And Zarah’s abuse has leaked into real-life situations away from Old Trafford. While simply doing her job among male-dominated crowds, she has been targeted with vile sexism and, on one occasion, was ‘grabbed’ by an abuser. In response, Zarah has urged anyone who suffers the same scenario in the workplace or at sporting events to report it.
“I haven’t experienced sexism at United. However, I have when I’ve been at other grounds,” Connolly admitted. “I remember specifically when I was filming an Instagram story on my phone, and there was a drunk male fan shouting abuse at me for the entire time I was working. I tried to ignore it, but then he literally came out of the stand to grab me to tell me to get out of the stadium as I was clearly there ‘just to get attention’.
“It really scared me, to be honest, but thankfully the stewards clocked him straight away, and he got kicked out. It made me realise, too, that anything that you hear that’s derogatory or abusive needs to be reported straight away as there’s no place for people in sports like that.”
Delving deeper into her position at United, Zarah explained there are plenty more males than females working in the media department. However, she has hailed the Red Devils’ attempts to encourage more female representation at the club, pushing the motive that it’s something to be proud of.
Female ‘role models’ at United help do precisely that, while the club also gets involved in different campaigns like ‘Change the Game’. And Zarah believes that such steps from United and other clubs will prompt a more balanced ratio of males and females in sports media in the coming years.
“I’d say, in general, there are a lot more males than females, which is what you would expect. But United are phenomenal at encouraging more females in the workplace. In the past couple of months alone, I’ve witnessed constant webinars, inspirational females in sports events and more so with their ‘Change the Game’ campaign. Throughout it all, they have shown that being a female in this industry is an asset and something to be proud of at United.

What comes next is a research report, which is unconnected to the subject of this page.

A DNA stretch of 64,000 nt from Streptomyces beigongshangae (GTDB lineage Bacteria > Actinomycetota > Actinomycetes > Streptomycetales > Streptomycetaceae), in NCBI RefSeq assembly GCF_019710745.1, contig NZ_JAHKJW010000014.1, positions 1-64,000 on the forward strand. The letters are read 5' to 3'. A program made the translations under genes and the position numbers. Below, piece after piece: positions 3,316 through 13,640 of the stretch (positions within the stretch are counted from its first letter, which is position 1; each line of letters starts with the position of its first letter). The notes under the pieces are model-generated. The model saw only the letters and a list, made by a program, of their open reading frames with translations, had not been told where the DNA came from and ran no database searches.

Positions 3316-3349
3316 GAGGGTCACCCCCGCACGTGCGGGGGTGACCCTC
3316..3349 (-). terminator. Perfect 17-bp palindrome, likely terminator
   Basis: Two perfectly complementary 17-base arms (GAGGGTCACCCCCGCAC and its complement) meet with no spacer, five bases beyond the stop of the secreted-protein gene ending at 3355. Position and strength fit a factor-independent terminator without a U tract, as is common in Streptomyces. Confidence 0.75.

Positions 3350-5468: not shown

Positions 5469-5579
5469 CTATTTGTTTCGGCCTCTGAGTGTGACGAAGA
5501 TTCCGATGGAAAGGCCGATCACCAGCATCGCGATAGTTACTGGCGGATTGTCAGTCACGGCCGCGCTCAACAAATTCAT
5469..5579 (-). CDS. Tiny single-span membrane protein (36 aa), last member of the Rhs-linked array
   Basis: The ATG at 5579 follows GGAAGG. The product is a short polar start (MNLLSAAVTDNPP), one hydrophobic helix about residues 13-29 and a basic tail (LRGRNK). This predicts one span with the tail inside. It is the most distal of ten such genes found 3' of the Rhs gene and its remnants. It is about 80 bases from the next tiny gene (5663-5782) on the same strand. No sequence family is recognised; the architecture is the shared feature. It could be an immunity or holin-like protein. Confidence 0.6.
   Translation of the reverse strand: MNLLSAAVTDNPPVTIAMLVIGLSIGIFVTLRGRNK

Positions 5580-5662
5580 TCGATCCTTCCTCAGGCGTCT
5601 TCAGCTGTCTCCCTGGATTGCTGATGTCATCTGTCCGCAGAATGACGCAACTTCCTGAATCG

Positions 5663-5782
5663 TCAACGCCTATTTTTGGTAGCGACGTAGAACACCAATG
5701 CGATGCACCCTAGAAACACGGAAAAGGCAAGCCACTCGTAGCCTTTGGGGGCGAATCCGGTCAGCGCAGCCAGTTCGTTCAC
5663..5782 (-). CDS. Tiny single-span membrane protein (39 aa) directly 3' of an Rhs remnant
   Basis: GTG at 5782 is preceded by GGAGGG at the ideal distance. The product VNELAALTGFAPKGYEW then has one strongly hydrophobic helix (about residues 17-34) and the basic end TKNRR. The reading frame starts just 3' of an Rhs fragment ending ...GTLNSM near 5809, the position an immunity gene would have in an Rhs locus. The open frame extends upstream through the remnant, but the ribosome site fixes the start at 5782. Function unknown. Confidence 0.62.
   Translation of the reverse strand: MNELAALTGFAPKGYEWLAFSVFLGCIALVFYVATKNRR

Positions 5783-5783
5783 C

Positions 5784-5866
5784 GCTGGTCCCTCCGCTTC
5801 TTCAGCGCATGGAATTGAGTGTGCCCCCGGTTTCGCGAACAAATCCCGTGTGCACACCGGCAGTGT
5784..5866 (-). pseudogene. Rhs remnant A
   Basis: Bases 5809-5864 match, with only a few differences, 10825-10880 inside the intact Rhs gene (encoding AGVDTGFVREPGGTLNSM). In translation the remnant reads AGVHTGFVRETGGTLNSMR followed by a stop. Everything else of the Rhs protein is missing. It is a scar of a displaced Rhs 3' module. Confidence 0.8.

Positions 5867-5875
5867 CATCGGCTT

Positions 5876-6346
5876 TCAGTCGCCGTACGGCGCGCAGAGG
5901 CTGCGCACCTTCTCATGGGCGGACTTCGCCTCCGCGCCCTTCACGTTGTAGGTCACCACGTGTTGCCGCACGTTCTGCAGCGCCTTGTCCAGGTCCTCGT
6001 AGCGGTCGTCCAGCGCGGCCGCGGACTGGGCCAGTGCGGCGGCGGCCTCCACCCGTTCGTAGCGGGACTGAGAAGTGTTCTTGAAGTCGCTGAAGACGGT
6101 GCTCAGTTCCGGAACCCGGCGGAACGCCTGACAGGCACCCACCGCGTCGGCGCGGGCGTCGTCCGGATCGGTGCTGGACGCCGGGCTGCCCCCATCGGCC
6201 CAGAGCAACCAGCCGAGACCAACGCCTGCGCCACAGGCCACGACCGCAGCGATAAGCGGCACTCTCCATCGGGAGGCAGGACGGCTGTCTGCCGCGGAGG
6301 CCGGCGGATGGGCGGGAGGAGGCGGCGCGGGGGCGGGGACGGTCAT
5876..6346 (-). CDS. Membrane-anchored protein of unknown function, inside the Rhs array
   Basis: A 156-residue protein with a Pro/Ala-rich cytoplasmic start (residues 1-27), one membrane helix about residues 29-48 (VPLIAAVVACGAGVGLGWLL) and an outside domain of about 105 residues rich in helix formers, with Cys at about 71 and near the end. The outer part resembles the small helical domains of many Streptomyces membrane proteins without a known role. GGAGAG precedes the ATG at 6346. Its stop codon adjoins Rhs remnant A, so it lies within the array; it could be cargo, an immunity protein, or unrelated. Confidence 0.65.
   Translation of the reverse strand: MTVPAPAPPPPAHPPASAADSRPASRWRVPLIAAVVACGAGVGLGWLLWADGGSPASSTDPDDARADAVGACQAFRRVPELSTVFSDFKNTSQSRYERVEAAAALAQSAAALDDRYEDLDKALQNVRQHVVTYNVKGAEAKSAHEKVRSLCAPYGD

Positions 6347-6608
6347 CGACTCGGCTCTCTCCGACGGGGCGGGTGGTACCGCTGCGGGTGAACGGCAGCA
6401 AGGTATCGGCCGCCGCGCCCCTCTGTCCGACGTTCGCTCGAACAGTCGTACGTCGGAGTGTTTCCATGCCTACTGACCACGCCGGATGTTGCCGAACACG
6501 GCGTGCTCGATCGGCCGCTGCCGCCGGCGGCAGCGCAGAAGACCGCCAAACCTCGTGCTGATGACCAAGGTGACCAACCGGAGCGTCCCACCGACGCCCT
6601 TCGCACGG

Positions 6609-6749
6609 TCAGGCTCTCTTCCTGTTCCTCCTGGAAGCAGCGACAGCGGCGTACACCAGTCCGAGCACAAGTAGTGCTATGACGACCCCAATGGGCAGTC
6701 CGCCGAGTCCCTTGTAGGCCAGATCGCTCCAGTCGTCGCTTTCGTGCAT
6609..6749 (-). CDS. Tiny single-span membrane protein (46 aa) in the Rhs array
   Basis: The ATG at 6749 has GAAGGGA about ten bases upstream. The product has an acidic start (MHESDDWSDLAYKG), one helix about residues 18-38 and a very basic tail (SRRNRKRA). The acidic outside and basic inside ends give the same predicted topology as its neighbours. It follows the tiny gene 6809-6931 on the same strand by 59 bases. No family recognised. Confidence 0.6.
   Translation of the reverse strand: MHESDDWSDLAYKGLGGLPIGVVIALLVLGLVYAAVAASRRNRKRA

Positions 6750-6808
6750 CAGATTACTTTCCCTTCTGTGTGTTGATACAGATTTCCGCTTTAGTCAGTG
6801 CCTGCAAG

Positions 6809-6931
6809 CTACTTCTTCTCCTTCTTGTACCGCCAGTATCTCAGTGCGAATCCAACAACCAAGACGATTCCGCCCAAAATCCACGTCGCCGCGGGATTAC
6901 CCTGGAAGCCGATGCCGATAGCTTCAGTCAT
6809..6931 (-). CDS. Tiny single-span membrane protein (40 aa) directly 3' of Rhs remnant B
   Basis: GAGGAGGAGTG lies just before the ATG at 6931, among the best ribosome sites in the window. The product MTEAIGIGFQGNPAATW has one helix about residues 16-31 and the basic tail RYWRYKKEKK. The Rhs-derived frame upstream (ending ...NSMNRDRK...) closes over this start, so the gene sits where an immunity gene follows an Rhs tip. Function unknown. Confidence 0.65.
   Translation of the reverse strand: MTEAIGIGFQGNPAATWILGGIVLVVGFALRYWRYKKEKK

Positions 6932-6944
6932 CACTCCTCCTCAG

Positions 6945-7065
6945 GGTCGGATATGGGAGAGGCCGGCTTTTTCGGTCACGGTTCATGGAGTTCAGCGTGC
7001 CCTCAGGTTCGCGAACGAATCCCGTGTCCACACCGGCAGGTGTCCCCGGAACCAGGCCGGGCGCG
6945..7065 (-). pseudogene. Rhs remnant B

“There are incredible role models in my team. I work quite closely with a producer called Heidi, who has welcomed me in, and then you have role models like COO Collete Roche, who is phenomenal too. I honestly think if you give it five years, there will be a more equal balance of the ratio of males to females in the workplace for sure.”
Earlier this year, the Manchester United Foundation celebrated its 15th anniversary of helping the younger generation get into football in and around Manchester. And Zarah has lauded the Foundation’s attempts to encourage girls to enter the world of football.
“Manchester United Foundation is phenomenal at encouraging young girls to get into the sport as they have lots of opportunities, even offering football with education with their RTC course. The Foundation also really push female participation in sport by going into schools and letting girls take part in sports at a young age, so it’s normal to them, which links into the pathway up to the first team.”
And Zarah does her own bit for women’s football, maintaining her links with Neville and Salford by running the club’s ‘Lionesses’ team. The co-owners created the open-age team to boost female participation in the beautiful game, and she is partly the heart and soul of it.
“One thing I’m really proud of is that I run an open age women’s team, Salford City Lionesses. The team was built by the co-owners of Salford City to increase female participation in sport and be accessible to all, free-to-play for the community so talent will prevail and nothing else gets in the way.
“It’s so important for that! At Salford, we have some of the girls that are on that course, and they are so grateful for it as it’s opened a pathway up for them where they can play and learn their craft but also have a backup plan whilst learning courses, such as sports and nutrition!”
In a message to women aspiring to enter sports media, and sports in general, Zarah told Express Sport you must ‘be your biggest fan’ and ‘if you work hard, you’ll reap the rewards’.